A Fee that Credit Unions Should Review for Appropriateness


Read more at chipfilson.com

Increasing attention is being given to all financial institutions’ overdraft, courtesy-pay, and NSF fee structures. An excellent summary of many of the issues is in this article from CUSO magazine.

After the reassessments of these fees, there is another one that credit unions may want to proactively review.

The unclaimed property/inactive account fee

A member recently told the story about learning of this fee the hard way. She had been a loyal credit union member for over two decades and had left a small balance of $500 in case a family member needed to borrow it. The regular savings account paid interest of .05%, offered only online statements, and had no activity for over two years. When checking her 2021 year-end balance online, she discovered that the amount had fallen by 20%.

The explanation: a $3 per month inactive account fee was being assessed. She knew nothing about the fee or how long it had been in place. In essence, she felt the credit union had effectively free use of her money and was charging her on top of that! When contacted, the credit union explained the fee and offered to refund the money for the last two years, which was as far back as their system would go.

Credit union’s responsibility for inactive accounts

When Ed, Bucky, and I went to the NCUA in 1981, I can remember credit unions approaching the agency about charging inactive account fees, which in essence was the step prior to forwarding these accounts to the states as unclaimed property.

In Illinois, the Department of Financial Institutions was responsible for administering the unclaimed property act and ensuring funds were properly reported and returned to the state after five years of inactivity so the owners’ names could be publicly listed to reclaim their funds.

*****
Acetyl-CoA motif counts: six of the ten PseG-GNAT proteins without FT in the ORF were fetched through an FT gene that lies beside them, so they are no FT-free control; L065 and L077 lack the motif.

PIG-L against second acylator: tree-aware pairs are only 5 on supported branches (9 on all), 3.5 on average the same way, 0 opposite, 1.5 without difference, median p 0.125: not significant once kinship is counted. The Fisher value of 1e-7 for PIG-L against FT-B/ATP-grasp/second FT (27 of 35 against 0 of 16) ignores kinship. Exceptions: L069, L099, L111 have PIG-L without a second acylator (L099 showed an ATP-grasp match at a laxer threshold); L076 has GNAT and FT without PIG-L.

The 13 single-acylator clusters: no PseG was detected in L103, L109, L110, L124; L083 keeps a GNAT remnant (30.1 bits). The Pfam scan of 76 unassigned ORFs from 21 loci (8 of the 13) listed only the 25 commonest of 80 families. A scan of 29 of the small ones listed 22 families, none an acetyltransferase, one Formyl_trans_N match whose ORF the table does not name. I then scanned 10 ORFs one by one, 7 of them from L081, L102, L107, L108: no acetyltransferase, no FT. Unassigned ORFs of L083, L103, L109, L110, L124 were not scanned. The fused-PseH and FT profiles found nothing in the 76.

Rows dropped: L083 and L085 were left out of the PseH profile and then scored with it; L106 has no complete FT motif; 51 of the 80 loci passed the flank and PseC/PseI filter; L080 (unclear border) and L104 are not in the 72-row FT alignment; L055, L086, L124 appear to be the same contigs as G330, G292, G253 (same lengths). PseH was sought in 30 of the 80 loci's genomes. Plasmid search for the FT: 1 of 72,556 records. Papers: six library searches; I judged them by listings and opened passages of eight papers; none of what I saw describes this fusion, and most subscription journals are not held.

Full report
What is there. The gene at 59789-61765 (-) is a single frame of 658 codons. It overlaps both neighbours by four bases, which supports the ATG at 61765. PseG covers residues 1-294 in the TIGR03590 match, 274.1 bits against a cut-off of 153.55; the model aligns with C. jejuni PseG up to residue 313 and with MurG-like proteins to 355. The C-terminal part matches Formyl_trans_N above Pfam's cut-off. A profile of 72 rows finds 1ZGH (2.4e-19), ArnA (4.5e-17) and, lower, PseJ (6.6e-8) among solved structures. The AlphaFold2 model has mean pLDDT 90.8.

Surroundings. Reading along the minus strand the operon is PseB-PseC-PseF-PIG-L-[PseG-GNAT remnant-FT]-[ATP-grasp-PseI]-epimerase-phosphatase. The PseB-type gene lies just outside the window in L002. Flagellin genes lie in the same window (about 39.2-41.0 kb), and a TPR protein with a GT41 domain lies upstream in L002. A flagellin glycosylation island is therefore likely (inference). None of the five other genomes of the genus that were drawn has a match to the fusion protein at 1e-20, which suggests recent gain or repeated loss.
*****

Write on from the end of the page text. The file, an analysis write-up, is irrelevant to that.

My colleagues believed charging a fee during this inactive period was counter to both the spirit of the act and of a cooperative financial institution.

Credit unions claimed the accounts were costing them money: maintaining the account, mailing monthly or quarterly statements, plus interest. Even as they tried to reactivate them, they wanted to be reimbursed for the operational “costs” of the accounts.

For others, the not-so-hidden motive was to fee the account to $0, especially smaller balances, close out the member, and not worry about reporting it as unclaimed property. Others asserted that the fee was in fact an incentive for members to reactivate their accounts.

Inactive accounts come in all flavors: parents opening accounts for their children, now long gone; accounts left when members move out of the area; the account opened for an indirect loan member, etc. The common characteristics are there is no member-initiated account activity, the relationship is static, and there is a high probability the owner is unaware of any fees being charged. Therefore it is an easy fee to assess as it is mostly invisible to the account holder.

Other credit union examples